I had the honor and privilege recently of escorting from the stage of the Kingston College Auditorium on Epworth Circle in Niagara Falls, Ont., Ms. Wilma Morrison, curator of the Nathaniel Dett Chapel. She and Niagara Falls, Ont., Mayor Salci were there to welcome the full house of standing-room-only guests who had come, like me, to listen to the original music of Niagara's own Nathaniel Dett, born and raised in Niagara Falls, living at various times on either side of the river, though he lies buried there in Fairview Cemetery, where earlier in the afternoon the chorale performed graveside.
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In commemoration of that city's centennial this year, Ann Speedie, President of Niagara Concerts, invited Toronto's Nathaniel Dett Chorale, founded in 1998 by Brainerd Blyden-Taylor, who conducted the evening's performance, which was accompanied by the Joe Sealy Trio.
The evening's powerful production included excerpts from both groups' recordings of music written by Dett, as well as a number of selections written by Sealy with lyrics by Dan Hill. One touching piece drew deep emotional memories from my own experiences growing up black in Niagara Falls, in a neighborhood that has all but disappeared.
Sealy's performance brought tears streaming down my cheeks as it evoked the painful reality of what happened to the community I grew up in, now laid waste by the ravages of time and poor choices.
In his work, Sealy recalls Africville, an actual place that once existed outside of Halifax between 1848 and 1970. His ancestors John, Tom and William Brown settled on the shores of Bedford Basin in the city of Halifax, forming Canada's oldest black community as free men and escaped African slaves made it across the border.
Once our beloved President Millard Fillmore signed the infamous Fugitive Slave Act in 1850, it was no longer safe for runaway slaves to escape to the Northern states. In order to evade the paid bounty hunters, many of whom hung around these very streets in search of prey, they had to get across the border to Canada to be free. Not everyone who tried made it. Many who did had to fight their way to freedom against some rather formidable odds, as well as some rather odd fellows.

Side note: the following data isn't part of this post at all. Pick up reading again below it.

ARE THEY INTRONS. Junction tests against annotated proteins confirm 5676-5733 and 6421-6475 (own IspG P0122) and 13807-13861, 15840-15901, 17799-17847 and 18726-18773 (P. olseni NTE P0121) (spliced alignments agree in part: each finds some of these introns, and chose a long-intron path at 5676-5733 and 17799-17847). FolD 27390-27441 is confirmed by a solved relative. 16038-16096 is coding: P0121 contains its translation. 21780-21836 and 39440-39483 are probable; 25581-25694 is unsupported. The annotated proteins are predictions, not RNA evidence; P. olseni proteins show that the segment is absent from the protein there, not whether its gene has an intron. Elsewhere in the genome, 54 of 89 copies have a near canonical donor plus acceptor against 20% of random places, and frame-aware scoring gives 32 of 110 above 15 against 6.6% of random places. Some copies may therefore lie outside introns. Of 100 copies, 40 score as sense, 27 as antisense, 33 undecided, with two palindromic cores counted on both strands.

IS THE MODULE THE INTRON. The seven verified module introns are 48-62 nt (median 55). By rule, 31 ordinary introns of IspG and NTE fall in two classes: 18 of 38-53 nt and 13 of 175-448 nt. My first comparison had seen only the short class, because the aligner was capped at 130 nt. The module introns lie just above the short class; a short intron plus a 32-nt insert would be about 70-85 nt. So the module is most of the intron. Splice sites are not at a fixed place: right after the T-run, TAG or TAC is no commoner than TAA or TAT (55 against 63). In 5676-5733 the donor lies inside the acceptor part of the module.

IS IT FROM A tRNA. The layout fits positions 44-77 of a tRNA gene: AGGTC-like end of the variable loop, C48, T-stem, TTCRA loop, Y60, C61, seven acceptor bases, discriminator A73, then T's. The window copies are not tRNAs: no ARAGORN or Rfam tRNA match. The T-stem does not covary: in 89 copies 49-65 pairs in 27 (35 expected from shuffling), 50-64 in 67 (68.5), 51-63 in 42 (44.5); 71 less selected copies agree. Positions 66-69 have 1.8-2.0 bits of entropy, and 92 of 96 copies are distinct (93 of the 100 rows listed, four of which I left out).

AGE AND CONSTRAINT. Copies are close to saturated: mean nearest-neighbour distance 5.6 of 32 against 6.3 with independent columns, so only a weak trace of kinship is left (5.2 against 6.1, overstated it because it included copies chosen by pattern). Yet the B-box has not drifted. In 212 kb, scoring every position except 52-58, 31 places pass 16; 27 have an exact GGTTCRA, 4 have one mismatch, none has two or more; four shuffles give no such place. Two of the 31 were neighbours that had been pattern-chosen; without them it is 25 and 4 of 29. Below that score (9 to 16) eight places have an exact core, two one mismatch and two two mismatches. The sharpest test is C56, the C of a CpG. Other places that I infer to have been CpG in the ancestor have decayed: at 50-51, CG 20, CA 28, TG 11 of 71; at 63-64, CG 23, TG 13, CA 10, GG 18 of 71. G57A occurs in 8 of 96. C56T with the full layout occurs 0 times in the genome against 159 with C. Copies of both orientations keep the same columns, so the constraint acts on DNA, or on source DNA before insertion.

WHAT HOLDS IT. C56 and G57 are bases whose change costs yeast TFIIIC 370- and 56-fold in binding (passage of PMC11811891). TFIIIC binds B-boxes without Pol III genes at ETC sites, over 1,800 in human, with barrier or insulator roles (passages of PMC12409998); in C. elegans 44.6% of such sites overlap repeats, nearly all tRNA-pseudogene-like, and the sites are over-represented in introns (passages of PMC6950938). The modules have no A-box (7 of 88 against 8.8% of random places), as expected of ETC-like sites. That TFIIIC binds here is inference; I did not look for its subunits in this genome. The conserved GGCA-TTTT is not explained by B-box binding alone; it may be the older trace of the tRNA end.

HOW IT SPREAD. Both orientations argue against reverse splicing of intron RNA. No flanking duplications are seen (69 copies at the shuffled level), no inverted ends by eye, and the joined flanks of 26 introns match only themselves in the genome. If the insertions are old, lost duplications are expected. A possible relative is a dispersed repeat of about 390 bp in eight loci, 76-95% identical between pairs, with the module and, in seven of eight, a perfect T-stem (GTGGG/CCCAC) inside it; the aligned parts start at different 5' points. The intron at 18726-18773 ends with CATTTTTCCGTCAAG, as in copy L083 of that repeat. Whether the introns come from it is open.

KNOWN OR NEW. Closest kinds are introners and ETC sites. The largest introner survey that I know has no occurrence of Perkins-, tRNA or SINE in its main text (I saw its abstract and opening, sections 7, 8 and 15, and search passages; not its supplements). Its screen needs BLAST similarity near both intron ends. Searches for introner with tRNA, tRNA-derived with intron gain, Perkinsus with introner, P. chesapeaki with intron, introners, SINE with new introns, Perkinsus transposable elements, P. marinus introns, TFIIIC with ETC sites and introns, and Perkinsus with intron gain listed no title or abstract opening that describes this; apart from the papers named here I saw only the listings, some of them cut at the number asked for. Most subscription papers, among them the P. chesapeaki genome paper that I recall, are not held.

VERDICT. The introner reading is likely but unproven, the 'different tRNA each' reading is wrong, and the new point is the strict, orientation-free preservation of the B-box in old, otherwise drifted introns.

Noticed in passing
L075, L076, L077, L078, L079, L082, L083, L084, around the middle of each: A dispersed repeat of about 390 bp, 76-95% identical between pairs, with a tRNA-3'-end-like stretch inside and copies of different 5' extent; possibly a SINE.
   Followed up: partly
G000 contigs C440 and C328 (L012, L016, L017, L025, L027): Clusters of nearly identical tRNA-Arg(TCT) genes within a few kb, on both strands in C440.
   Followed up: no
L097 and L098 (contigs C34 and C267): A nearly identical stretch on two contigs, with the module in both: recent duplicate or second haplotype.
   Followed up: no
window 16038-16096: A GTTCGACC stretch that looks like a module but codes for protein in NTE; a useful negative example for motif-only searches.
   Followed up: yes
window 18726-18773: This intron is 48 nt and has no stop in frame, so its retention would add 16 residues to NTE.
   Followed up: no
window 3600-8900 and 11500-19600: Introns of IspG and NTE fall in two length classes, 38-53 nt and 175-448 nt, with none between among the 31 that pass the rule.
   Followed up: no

Among the more twisted events in local history is the strange tale of the Jerry Rescue (not to be confused with the famous "Jerry Curl" mystery of the 1980s), which took place just up the road in Syracuse on Oct. 1, 1851, while the anti-slavery Liberty Party happened to be holding their New York State Convention.
As the story goes, Underground Railroad stationmaster Jermain Loguen and his supporters had announced their intentions to openly disobey the Fugitive Slave Act, much to the consternation of then-secretary of state Daniel Webster (Mr. Dictionary himself), who proclaimed the law "will be executed in all the great cities -- here in Syracuse -- in the midst of the next Anti-Slavery Convention, if the occasion shall arise." It did!
Around noon on that day, federal marshals from Canandaigua, Syracuse, Auburn and Rochester, along with local police, arrested a barrel-maker at his workplace on a phony theft charge. Once he was manacled, the charge became a violation of the Fugitive Slave Act. His name was William Henry, but he was also known as Jerry.
It didn't take long for word to reach the convention. With a battering ram and a large crowd estimated as large as "2,500 angry men," the prisoner was surrendered. History is not clear on whether Jerry ever made it to Canada, but the event itself is memorialized with a monument in Clinton Square in downtown Syracuse, unlike Niagara Falls, N.Y., where there are no visible monuments in the state park near the falls, where some of the estimated 17 million visitors who come through here every year might gain some recognition of the fact that at least 40,000 slaves escaped into Canada, many from right here.
No doubt the Fugitive Slave Act helped to fuel the rise of Africville, which ultimately grew into a flourishing all-black community of more than 800 people.
Sealy says in the liner notes of his album, "Africville":
"As the roots of Africville grew deeper, the city of Halifax simply grew. In time, new development brought such neighbours as a bone meal fertilizer plant, a slaughterhouse, factories, and eventually, the city dump. Perhaps the most telling symbol of indifference arrived with the railway lines built right through the center of the community dividing it forever, physically, and perhaps even spiritually. Without basic services ... Africville fell victim to neglect. In 1962 the City Council adopted a proposal to offer Africville residents housing in unsegregated, subsidized rental housing ... the bulldozers were not far behind. What was lost was invisible to those who never lived in Africville. They never chased baseballs across the field on cool summer evenings or scrambled for blueberries in the scrub on the hill ... they never heard the piano music from the parlors or the voices raised in praise at church. They never knew what it was like to be six years old, living in Africville and knowing you were safe because you were home."
Sealy's words strike deep at my heart because they remind me of what happened to my own neighborhood, if not my entire city, the victim of well-intentioned, but misguided Urban Renewal projects that dislodged and destroyed entire communities and the families that built them.
It is difficult to understand who we are, why we are where we are, and what to do about it, if we do not remember where we came from and how we got here, if we don't acknowledge, memorialize and celebrate our history.
Thanks to people such as these and countless others who have yet to step up, our future is much brighter than it might otherwise be.
Because of them, our history will never be forgotten.
And that is a good thing!
|Niagara Falls Reporter||www.niagarafallsreporter.com||Oct. 12 2004|